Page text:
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Federalism past and present in the Netherlands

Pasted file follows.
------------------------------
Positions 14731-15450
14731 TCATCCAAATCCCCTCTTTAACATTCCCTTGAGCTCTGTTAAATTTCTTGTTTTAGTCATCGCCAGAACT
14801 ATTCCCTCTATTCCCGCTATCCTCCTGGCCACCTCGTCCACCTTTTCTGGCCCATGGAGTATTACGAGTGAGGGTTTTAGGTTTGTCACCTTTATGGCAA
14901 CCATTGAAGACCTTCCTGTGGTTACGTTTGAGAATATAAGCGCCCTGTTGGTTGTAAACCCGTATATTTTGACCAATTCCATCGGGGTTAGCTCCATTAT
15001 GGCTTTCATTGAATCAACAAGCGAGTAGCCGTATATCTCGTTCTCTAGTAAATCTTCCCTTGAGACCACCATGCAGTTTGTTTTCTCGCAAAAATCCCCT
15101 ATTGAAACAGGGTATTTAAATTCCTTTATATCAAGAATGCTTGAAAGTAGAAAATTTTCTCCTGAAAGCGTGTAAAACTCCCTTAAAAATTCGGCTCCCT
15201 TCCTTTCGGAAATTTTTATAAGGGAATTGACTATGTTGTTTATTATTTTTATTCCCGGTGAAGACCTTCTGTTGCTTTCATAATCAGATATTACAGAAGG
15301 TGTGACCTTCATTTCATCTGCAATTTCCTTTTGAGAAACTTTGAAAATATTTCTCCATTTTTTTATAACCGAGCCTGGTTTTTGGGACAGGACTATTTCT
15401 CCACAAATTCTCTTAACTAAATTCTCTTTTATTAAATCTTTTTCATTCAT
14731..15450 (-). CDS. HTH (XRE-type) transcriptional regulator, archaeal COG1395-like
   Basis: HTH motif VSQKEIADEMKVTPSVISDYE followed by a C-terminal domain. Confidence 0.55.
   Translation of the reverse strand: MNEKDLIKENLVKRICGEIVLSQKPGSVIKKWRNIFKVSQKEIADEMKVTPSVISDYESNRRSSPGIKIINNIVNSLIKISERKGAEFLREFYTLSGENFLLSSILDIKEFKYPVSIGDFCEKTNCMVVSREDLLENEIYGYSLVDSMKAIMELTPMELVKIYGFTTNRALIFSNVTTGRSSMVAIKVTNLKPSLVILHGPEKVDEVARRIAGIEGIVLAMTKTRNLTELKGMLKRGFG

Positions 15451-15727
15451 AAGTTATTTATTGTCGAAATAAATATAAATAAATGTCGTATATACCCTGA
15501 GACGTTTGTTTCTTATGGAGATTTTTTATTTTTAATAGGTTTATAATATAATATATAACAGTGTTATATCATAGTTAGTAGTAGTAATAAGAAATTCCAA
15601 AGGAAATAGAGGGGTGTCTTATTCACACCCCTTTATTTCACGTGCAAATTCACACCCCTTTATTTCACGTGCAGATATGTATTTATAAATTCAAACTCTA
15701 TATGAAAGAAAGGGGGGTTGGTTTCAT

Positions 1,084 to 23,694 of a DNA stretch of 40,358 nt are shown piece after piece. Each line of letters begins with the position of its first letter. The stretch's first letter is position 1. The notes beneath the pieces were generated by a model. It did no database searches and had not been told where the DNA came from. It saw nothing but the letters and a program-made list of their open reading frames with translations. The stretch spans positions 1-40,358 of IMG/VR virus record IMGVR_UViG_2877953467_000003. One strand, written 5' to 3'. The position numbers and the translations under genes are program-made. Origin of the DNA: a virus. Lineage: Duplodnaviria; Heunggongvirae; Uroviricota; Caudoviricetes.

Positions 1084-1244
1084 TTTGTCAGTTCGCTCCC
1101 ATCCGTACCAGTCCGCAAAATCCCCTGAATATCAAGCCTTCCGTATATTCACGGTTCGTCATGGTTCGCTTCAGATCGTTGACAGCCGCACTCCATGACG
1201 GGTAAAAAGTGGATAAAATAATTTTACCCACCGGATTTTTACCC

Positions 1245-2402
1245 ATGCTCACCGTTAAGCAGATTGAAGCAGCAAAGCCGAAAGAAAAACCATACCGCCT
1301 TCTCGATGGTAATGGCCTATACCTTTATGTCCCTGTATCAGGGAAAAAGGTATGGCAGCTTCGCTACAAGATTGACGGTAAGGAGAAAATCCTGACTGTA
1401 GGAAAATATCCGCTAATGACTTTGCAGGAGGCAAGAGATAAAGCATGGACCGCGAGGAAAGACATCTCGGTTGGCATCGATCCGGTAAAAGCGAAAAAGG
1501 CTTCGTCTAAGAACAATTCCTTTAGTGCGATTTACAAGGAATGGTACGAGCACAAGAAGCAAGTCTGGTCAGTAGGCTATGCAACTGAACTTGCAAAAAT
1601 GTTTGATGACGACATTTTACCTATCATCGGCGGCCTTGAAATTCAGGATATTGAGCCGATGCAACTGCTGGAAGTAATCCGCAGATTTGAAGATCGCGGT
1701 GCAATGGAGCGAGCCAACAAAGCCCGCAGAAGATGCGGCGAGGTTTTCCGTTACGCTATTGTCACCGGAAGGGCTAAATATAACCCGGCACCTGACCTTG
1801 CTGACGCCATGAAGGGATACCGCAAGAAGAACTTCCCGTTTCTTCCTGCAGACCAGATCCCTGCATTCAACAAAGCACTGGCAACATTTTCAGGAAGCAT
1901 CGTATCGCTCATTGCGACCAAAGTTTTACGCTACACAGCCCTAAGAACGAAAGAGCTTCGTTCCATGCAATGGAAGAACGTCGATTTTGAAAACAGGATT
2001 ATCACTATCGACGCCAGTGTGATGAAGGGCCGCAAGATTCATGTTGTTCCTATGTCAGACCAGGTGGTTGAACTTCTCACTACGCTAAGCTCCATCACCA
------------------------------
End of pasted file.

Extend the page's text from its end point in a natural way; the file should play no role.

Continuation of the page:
The Netherlands do not figure prominently on the list of federal or federalizing countries. Yet federal lines and links in Dutch history are indispensable to explain current events in the Netherlands and in other parts of the world. At some points in the history of the Netherlands, both domestically and in its former colonies, federalism played a prominent role, and at other times, it was completely discredited (see box). The Kingdom of the Netherlands is now a ‘decentralised unitary state’ that acts as a single entity in international relations with a uniform legal structure – but it does accord a constitutional status to municipalities and provinces. The provinces and municipalities are mentioned as ‘autonomous’ entities in the constitution, and their powers are defined in separate laws (Provinciewet, Gemeentewet). In legal terms, their role is twofold: agents of the central government, and autonomous, democratically accountable administrations. Dutch political culture: small is beautiful While Dutch law may allow the provinces and municipalities certain autonomy, in reality the system is quite centralized. In terms of personnel and budget, the provinces and municipalities take 25-30% of the public sector, but in terms of autonomous tax revenue they amount to no more than 5%. In spite of this, however, Dutch political culture is strongly decentralist, or even federalist. The autonomy and identity of groups in society (religious and cultural) and local or regional entities are handled with great respect. At the root of this political culture is the historical necessity to survive in a system where no single group has ever been able to gain exclusive dominance. The model of “consociational” democracy in the Netherlands (as developed by Lijphart, a Dutch-American political scientist, strongly inspired by Althusius) is quite close to federalism, especially nonterritorial federalism. In fact, this model has been applied not only to the Netherlands, but also to federal systems such as Belgium, Austria and Switzerland. And so, although the Netherlands are not a federal system, basic federal ‘reflexes’ – respect for diversity among groups and regions, non-majoritarian modes of decision-making, and consensus-seeking – are strongly embedded in its culture. In domestic administration in the Netherlands, as elsewhere in the western world, municipalities have been confronted with an increase in technically complex tasks, and in new and daunting challenges caused by increased socioeconomic scale/mobility. The answer to these developments has been to expand the administrative scale, which has entailed the merging of small municipalities. The total number of municipalities in the Netherlands in the 20th Century was reduced from some 2000 to less than 500 today. Citizens’ resistance against this trend is rising, and in 2002, as an alternative to mergers many municipalities supported the idea of creating inter-municipal “federations” (federatiegemeenten). Decolonization and mistrust of federalism From the 16th Century onwards, the Dutch established a sea-based trading empire in the East and the West Indies. In order to gain access to the colonies, deals had to be made with local rulers, especially in the East. Their internal rights were recognized, and Dutch influence was restricted to trade, commerce and external relations. In some parts of present-day Indonesia, a system developed similar to British indirect rule in India. In other parts, however, Dutch colonial influence took a much more direct form, and in the late 19th and early 20th Centuries the overall tendency was increasingly direct intervention by the Dutch. When the desire for independence presented itself in the 20th century, the Dutch response was reluctant and centralist. Only a limited ‘native’ influence was granted to a People’s Council (Volksraad) at the central level. After the Second World War, when Indonesian independence became a political reality, political authorities began negotiations regarding the transfer of power (1947-1949). Surprisingly, federalism was brought to the table as a formula for transition. In view of the enormous diversity of the East Indies, a federal structure was drafted for the United States of Indonesia (U.S.I.). The Dutch government transferred power to the U.S.I., which was quickly dismantled, however, by the new government in Jakarta. Although the diversity of Indonesia might very well justify a flexible federal system, federalism was considered a neo-colonial ‘divide-andrule’ ploy. Even today, federalism in Indonesia is not looked upon very favorably. East Timor, which just gained its independence in 2002 after a period of violent conflict, is the former Portuguese part of Timor. The western part was conquered by the Dutch in the 16th century, and became part of Indonesia in 1949. Indonesian policy towards East Timor was motivated by the tensions and conflict potential within its own borders: in western Timor, in the nearby Moluccan Archipelago, in the Indonesian part of New Guinea, and in the region of Aceh in Sumatra in northwestern Indonesia. Instead of a federal arrangement (which the then U.S. President mused would have been a preferred option were it possible) the Federations Special Triple Issue: Themes of the International Conference on Federalism 2002 international community brokered a deal to separate East Timor from Indonesia. Fragmentation in the Caribbean In the Caribbean, the Netherlands Antilles are facing increasing difficulties staying united. Six islands – three of them close to the Venezuelan coast, and three in the Windward Group near Puerto Rico – were once united under Dutch colonial rule and are still heavily dependent on the Netherlands. In this region, decolonization took place in gradual way compared to Indonesia. Surinam was granted independence in 1975. The Netherlands Antilles obtained internal self-government in the early 1950s. The regulations for the six islands envisioned a federal arrangement, based on equality and partnership among the islands and supported by the Netherlands. In practice, however, federalism did not materialize in the Antilles. The stronger islands were unwilling to take care of the weak ones, and the Dutch government was not willing to impose federalism on an unwilling group. In 1986, the island of Aruba left the system and opted for a special status and a direct link with the Netherlands. At present, St.Maarten is following a similar line. Since loyalty among the islands is generally weak, and since no island is willing or able to impose its will on the others, an independent Dutch-Antillean state and/or a federal state seems politically unviable. Implicit federalism To be quite frank, and despite the examples cited above, in Dutch politics, one will find few references to federalism. Dutch Christian-democrats, leftist-liberals and Greens are explicitly in favour of a federal Europe. In domestic politics, however, federalism hardly rings a bell. Nonetheless, the principles of federal thinking and federal ‘political reflexes’ are part of Dutch history and politicoadministrative culture. The notion of ‘municipal federations’ may therefore well find fertile ground. As a practical solution to problems of accommodating groups in a society of minorities – multicultural, multi-loyal, small-scale – federalism is part of the Dutch repertoire. It has old roots in Dutch soil. Federations Special Triple Issue: Themes of the International Conference on Federalism 2002